Some critical roles might be located in a different city or in another state. You can let your supervisor know if you are willing to temporarily relocate for a surge placement. No one will be required to relocate for a surge placement without their agreement.  

If I need to work from home, will I still be eligible for a surge placement?

Employees who need to work from home due to their personal circumstances are still eligible for a surge placement. However, not all roles will be suitable to be undertaken while working from home. You should discuss your personal circumstances with your supervisor to determine if you are suitable for a surge placement.

What happens if my personal circumstances change? 

If your personal circumstances change during your surge placement, you should discuss these with your host agency supervisor in the first instance. Your host agency will be responsible for determining the best way to address the change, and where appropriate will escalate to your home agency.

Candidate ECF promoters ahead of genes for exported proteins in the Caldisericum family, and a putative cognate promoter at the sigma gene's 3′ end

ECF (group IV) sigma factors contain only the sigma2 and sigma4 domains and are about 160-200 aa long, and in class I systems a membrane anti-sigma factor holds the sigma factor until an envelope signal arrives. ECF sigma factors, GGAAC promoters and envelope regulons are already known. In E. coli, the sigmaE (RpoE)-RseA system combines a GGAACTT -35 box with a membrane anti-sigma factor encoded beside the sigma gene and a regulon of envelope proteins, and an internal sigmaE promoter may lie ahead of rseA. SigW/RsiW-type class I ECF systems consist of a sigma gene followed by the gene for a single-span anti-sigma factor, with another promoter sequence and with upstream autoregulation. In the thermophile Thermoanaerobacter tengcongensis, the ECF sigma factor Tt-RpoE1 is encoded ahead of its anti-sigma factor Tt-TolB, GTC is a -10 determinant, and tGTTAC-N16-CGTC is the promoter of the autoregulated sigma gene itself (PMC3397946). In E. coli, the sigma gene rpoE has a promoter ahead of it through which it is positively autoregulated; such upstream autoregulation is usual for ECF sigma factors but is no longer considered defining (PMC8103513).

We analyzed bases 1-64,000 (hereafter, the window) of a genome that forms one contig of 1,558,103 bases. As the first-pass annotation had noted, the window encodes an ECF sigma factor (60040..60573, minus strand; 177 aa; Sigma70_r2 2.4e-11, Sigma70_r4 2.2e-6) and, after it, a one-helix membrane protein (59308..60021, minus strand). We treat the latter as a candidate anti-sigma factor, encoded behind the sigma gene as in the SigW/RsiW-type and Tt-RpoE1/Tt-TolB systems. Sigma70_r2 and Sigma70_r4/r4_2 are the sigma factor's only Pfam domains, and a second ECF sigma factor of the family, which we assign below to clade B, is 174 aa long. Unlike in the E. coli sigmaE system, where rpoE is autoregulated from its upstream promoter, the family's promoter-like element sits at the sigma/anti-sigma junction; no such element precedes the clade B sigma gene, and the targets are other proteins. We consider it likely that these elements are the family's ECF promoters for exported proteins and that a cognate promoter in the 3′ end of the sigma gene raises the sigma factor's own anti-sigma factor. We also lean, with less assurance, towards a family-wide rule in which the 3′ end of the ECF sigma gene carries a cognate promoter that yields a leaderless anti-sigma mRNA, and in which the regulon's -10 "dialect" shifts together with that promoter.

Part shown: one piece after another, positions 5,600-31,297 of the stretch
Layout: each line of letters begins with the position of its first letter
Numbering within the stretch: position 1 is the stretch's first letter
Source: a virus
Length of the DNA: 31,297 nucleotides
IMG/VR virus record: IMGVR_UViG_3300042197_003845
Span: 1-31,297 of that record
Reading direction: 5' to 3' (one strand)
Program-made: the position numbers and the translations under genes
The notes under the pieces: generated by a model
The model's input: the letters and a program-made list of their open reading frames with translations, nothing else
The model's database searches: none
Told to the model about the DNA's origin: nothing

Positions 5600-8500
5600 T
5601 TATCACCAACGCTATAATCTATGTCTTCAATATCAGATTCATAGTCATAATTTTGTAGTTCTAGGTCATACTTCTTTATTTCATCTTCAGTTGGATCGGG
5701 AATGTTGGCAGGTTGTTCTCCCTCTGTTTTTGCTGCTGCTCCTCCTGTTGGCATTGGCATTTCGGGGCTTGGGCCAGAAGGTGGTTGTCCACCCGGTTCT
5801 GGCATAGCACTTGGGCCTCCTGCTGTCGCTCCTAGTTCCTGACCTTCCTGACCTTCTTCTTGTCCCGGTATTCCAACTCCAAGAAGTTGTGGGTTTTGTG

Will I return to my agency and my usual role?

Yes, you will return to your agency at the conclusion of your surge placement.

In most circumstances this means you will return to your usual role, however, it is important to keep in touch with your home agency supervisor before and during your surge placement about your specific role when you return. 

How do I stay in touch with my home agency?

You and your home agency supervisor are encouraged to keep in touch on a regular basis throughout your surge placement, for example every two weeks, to stay up to date on current events, talk about how things are going and to have regular career discussions. Towards the conclusion of your surge placement, it is important you and your home agency supervisor have a discussion about the role you will return to.

Pay and Allowances

What will my pay and conditions be?